Financial aid is available for graduate school, although competition for the various forms of aid is often greater than you may have experienced as an undergraduate. The most common forms of aid are fellowships, assistantships, grants and loans. There are also a limited number of academic scholarships available for graduate students.
Traditional Sources of Funding:
Fellowships: Fellowships cover living expenses and often tuition in return for research or work on a project. Fellowships may be single-or multi-year awards and are usually based on an individual’s merit as measures by grades, GRE scores, publications and letters of recommendation. They are often offered through the government or private companies and organizations.
Assistantships: Assistantships are campus-affiliated work assignments (for example, graduate teaching instructor, research associate, or graduate assistant) that provide a stipend and often waive tuition and/or other fees for a designated number of work hours. Talk with administrators of your individual program about availability of assistantships in your department. Other general assistantships may be available elsewhere on campus, often within student service units. These may or may not relate to your field of study. In research-driven fields, it is more likely for students to be supported by program funds, but in some areas, like law and medicine, students are much less likely to receive assistantships.
Grants: Grants are awarded to cover expenses associated with carrying out research or other specific projects, such as expenses for travel, materials or computers. Here are some tools to help with your search:
- FastWeb: Free Scholarship and College Searches, & Financial Aid Tools—Free scholarships search site that has 500,000 scholarships worth more than $1billion. Registration required.
- FinAid: The Smart Student Guide to Financial Aid—This award-winning site is a comprehensive annotated collection of information about student financial aid on the web.
- GradSchools.com—Articles and resources for fellowships.
- U.S. Department of Education: Find and Pay for College.
- The American Association of University Women (AAUW)—Offers grants and fellowships for women obtaining graduate degrees or making a difference in their communities.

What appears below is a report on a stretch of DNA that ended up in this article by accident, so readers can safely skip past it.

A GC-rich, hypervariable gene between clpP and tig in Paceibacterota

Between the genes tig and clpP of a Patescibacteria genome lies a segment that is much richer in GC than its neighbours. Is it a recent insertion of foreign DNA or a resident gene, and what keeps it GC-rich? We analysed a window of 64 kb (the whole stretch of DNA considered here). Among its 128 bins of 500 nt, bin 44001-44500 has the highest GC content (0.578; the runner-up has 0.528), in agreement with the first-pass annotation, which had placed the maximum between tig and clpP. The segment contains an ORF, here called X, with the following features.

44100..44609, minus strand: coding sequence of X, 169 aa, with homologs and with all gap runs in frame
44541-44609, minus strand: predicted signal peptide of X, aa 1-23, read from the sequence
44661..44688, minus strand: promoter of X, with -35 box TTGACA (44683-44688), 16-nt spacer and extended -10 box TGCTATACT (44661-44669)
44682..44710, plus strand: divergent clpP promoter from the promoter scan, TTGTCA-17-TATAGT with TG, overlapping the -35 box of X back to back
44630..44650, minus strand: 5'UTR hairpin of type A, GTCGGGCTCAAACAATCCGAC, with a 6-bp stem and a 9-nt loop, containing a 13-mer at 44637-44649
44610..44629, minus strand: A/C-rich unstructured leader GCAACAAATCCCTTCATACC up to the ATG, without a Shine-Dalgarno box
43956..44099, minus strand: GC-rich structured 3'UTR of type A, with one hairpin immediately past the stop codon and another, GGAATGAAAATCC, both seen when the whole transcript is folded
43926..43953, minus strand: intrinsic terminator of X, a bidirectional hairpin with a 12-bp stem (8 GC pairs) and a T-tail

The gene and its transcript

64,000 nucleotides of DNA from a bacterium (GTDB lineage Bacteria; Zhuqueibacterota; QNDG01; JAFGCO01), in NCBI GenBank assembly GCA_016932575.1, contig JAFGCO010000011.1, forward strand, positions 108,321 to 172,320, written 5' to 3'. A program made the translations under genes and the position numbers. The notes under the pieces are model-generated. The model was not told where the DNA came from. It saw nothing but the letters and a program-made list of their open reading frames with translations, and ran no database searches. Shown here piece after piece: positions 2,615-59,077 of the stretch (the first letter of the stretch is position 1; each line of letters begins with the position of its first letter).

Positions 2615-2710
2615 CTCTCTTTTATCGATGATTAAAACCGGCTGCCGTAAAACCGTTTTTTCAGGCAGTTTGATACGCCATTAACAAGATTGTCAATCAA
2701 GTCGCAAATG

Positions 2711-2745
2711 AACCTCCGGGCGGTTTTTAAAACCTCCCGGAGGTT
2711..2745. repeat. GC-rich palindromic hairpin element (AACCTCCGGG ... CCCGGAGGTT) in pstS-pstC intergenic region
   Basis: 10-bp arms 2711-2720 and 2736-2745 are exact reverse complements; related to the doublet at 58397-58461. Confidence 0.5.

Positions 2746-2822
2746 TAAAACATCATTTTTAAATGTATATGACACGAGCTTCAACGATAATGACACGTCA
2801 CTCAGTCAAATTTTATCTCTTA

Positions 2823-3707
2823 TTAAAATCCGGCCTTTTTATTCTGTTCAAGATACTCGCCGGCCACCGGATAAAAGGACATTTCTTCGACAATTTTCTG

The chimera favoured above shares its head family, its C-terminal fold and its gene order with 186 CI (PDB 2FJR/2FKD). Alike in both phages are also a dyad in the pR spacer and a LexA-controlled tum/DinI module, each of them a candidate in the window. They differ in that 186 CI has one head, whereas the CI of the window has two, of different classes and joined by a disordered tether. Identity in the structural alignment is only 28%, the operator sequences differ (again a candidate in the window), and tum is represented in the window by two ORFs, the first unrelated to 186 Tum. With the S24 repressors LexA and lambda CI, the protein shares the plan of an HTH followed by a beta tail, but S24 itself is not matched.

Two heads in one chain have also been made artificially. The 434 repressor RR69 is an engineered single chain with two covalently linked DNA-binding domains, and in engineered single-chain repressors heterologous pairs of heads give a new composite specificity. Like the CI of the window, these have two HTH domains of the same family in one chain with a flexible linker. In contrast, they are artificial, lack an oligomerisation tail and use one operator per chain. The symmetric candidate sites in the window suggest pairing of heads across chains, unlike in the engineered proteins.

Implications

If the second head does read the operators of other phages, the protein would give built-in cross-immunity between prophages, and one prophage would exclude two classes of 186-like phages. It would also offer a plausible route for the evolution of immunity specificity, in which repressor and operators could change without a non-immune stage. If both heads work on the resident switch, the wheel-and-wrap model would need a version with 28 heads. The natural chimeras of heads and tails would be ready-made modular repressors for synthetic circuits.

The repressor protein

- Philanthropic Educational Organization (PEO)—Offers grants and scholarships to women pursuing higher education degrees. Includes opportunities for both US citizens and international students.
Loans: Loans are available from the government and from private sources. These are very similar to those you may have applied for during your undergraduate program. Contact your school’s financial aid office for more information.
Academic Scholarships: In general, institutional aid is primarily given to undergraduate students; however, some institutions have a limited amount of money to devote to graduate students. This money could come from the general graduate school or from your specific program. Start looking early! While some schools will automatically issue merit scholarships, others require a complex application process. Speak with your schools’ admissions counselor and/or a faculty representative for more information.
Special opportunities for underrepresented and disadvantaged students: Some institutions offer application-fee waivers and other forms of funding in order to help diversify their student body. Outside scholarships and specialized funding may also be available.
Other Sources of Funding:
Your Employer: Certain employers will pay for their employees to advance their education. This is a great question to ask when interviewing for a job!
Professional Organizations: Professional organizations often offer grants and fellowships for students pursuing a degree in their particular discipline. For more information, go directly the organization’s website. Note: scholarships are most likely to be available through national organizations as opposed to local or regional ones.
Fraternities and Sororities: Check with your national branch to see if your fraternity or sorority offers any grants or fellowships for alumni pursuing graduate school.
Churches/Religious Organizations: Some churches offer scholarships and grants for their members. Others offer them at the national level. Contact your church to see if they have any options.
NOTE: If you plan on funding your education through any one of these options, you should have located the source(s) (grants, fellowships, assistantships, etc) you wish to apply for by the December before you plan on entering graduate school
Portions of this website were adapted with permission from The University of Tennessee in Knoxville’s Admission Guide for Graduate School.